A recent NSW Supreme Court case confirms that principal contractors do not owe a duty of care to the parties with whom their sub-contractors interact, but it's also a warning that crucial information can be lost as it passes down the chain of sub-contracting, with costly results.

The NSW Supreme Court has dismissed a claim for damages against TransGrid and three subcontractors after asbestos contaminated waste was delivered to a site which was not licensed to process it (Bettergrow Pty Limited v NSW Electricity Networks Operations Pty Ltd as trustee for NSW Electricity Networks Operations Trust t/as TransGrid (No 2) [2018] NSWSC 514).

Disposal of asbestos waste

Bettergrow Pty Limited, a waste management company, received asbestos-contaminated mud from one of the sub-contractors working on the refurbishment of the Beaconsfield electricity substation, which TransGrid owns and operates.

The asbestos-contaminated mud arrived at Bettergrow's facility despite numerous plans and controls being in place to prevent this type of event. The sequence of events in this case indicates how even well-laid plans can go awry:

  • TransGrid had carried out testing and was aware of asbestos contamination at the site.TransGrid disclosed that information and required contractors to prepare specific plans to manage risks at the site, including the risk of encountering asbestos and disposing of any asbestos contaminated waste.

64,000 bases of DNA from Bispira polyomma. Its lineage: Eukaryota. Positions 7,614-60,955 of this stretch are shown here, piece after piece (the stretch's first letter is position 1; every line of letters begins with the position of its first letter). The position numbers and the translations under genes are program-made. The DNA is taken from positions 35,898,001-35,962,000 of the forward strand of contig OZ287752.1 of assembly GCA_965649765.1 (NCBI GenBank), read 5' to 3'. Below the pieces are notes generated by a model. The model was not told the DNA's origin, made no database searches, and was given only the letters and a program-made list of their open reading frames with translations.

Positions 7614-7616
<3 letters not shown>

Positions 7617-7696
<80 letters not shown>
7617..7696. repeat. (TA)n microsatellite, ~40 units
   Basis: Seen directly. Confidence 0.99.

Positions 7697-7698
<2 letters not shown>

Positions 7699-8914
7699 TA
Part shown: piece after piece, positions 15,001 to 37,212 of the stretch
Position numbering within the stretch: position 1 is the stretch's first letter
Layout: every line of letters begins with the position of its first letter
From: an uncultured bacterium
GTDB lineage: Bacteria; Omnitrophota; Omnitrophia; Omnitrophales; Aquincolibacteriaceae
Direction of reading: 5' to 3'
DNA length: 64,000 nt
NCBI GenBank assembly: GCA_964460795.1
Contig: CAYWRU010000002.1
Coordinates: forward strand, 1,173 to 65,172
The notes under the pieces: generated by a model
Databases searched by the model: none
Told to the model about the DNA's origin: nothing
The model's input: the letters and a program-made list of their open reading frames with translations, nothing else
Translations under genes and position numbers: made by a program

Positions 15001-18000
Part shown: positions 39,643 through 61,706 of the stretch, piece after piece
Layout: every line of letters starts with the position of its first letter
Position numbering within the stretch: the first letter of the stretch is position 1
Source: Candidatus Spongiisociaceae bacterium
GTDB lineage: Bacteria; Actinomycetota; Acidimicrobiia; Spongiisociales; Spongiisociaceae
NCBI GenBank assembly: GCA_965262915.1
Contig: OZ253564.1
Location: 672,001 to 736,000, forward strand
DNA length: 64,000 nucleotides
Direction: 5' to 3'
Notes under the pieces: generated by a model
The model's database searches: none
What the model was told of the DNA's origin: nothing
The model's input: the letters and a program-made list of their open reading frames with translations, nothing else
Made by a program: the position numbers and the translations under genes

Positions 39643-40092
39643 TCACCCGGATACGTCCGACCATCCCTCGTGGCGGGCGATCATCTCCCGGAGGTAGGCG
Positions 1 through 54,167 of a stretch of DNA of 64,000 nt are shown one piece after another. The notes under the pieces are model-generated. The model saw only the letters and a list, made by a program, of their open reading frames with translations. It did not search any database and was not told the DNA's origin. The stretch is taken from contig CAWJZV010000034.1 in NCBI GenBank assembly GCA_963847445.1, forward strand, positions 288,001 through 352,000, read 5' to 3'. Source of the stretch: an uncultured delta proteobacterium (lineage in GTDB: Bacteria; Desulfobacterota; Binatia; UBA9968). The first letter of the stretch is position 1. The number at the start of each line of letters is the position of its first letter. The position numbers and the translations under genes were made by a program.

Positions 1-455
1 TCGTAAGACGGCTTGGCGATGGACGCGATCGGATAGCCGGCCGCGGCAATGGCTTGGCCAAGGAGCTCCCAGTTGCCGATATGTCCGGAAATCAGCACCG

• Powercor Network Services contracted with TransGrid to refurbish the Beaconsfield site.The contract noted that the soil at the site was classified as contaminated with asbestos, and that all disposal needed to be carried out in accordance with that classification.Powercor prepared an Asbestos Management Plan.
  • Powercor engaged TTR Construction & Excavation Pty Limited (TTR) to carry out some civil works for the refurbishment. Powercor was obliged under its contract to get TransGrid's approval for the appointment of subcontractors, but did not do this in relation to TTR. TTR was given the Asbestos Management Plan and told about the contamination risks.
  • TTR engaged On-Line Pipe & Cable Locating Pty Ltd to carry out "non-destructive digging" work, which involved water blasting of soil and removal of the resulting excavated mud.On-Line gave evidence (which was accepted) that TTR did not mention the asbestos risk.On-Line was not licensed to dispose of asbestos contaminated materials and the Court found that it would not have accepted the job if it had known of the asbestos issue.